In a practical sense, I think that knowledge of how to produce content in multiple formats is a table stakes skill for a DevRel professional today. You don’t have to be a world class video editor, but the idea of learning to slice together some video content in iMovie/Premiere Pro etc shouldn’t terrify you. The same can be said of audio. Voiceovers, podcasts, virtual workshops all require you to be confident speaking into a microphone.

Similarly, you need to be confident in your writing. Blog posts, tutorials, even tweets. The written word is still important, no matter how much video or audio you pump out.

I think what’s going to be interesting is how much we could leverage short form video for technical content. If you look at the success other industries are having with the likes of Instagram Reels, YouTube Shorts and TikTok, I can’t believe that it’s not going to be a useful way to get developer facing content to a new audience.

For some examples of folks who I think are doing this well, I always look at what GitHub and Stripe are doing. Michelle Mannering, BDougie and Chris Trag in particular from those teams are doing great stuff.

Staying close to the product

In a post last year, Getting better at Developer Relations, I spoke about the importance of being Developer Zero and working closely with Product Managers. I definitely still believe that to be true, and I’ve started to think more about how our team should balance that work with the content creation work.

A circular flow chart describing what I consider the Advocate product life cycle

When I do, I envisage it as a circular thing, because each part of a Developer Advocate’s job is wholly dependent on the other. You cannot create value for your community if you’re not pushing your product team to build things that solve their problems, and you cannot get valuable feedback to bring to your product team if you’re not sharing ideas, sharing information and ultimately building a relationship with your community.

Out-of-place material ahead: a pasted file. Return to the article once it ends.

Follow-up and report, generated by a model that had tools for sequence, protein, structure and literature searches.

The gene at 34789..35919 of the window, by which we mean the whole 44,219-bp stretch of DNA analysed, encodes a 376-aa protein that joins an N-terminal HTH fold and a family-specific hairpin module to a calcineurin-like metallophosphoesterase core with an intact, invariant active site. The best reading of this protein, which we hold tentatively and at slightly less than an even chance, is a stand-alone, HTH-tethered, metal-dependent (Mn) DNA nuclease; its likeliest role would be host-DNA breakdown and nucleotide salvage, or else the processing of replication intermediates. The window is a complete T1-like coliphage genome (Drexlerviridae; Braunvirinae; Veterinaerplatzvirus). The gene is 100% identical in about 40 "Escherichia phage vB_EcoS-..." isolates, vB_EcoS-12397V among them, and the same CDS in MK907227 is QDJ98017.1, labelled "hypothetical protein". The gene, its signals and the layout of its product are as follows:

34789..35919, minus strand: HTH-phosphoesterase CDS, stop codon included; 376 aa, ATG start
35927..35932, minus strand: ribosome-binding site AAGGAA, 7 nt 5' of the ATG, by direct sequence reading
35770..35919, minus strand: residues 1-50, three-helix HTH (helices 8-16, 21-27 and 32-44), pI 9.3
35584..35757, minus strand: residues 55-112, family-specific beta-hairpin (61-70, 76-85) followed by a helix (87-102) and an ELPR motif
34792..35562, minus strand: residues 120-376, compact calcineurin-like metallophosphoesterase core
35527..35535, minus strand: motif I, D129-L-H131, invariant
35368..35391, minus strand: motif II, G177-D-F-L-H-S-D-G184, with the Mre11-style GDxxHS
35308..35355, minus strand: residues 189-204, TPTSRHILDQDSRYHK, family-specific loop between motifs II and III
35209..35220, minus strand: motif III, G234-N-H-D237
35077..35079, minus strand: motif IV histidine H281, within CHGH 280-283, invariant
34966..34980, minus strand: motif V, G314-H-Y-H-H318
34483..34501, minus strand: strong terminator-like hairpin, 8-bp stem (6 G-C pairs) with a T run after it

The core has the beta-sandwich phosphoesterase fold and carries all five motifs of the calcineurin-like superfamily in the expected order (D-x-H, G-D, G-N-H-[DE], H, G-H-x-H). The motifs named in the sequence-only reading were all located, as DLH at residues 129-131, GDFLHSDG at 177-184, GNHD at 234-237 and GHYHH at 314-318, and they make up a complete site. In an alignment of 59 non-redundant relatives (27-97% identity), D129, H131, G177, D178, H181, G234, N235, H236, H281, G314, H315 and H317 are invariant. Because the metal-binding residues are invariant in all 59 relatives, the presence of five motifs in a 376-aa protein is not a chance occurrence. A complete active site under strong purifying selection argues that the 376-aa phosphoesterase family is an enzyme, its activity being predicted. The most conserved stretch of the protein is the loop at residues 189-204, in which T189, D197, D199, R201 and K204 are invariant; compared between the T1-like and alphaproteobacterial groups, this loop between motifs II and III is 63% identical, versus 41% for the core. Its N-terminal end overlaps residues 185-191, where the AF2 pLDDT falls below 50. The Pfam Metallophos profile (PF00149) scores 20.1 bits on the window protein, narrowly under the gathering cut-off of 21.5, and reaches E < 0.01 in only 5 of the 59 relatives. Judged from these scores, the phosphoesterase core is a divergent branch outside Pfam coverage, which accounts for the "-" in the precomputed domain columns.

If you’re only ever pitching your product, then congratulations, you work in Sales and Marketing, and I wish you well.

If you’re only ever having interesting technical conversations with people that don’t teach you more about how people use your platform, then congratulations, you’re a well funded distinguished engineer, and I wish you well.

Developer Relations / Advocacy sits somewhere in the messy middle. We are neither engineers who talk in the abstract and write fancy algorithms all day, nor are we marketing/sales people. You need to be comfortable living in that grey area.

At Slack, Developer Relations sits inside the Product Organisation, alongside the Platform Product Managers, so it’s easy for us to build and maintain these relationships with them. Wherever your team sits though, you should put in the effort, as PMs are one of the most important partners you have.

Always tighten the feedback loop

So what is 2022 at Slack Developer Advocacy? It’s about iterating on the loop I mention above, making it faster. Ship more content, ship better content, ship platform improvements, ship ever increasing value for our community, because ultimately, it’s them we’re here to serve, not the other way around.

If you’re as passionate about these things as I am, and want to join us, I’m always looking to talk with great people. As I write this post, I’m actively looking for people in Europe, and hope to soon be looking for people in North America. So drop me a DM on twitter, and let’s talk.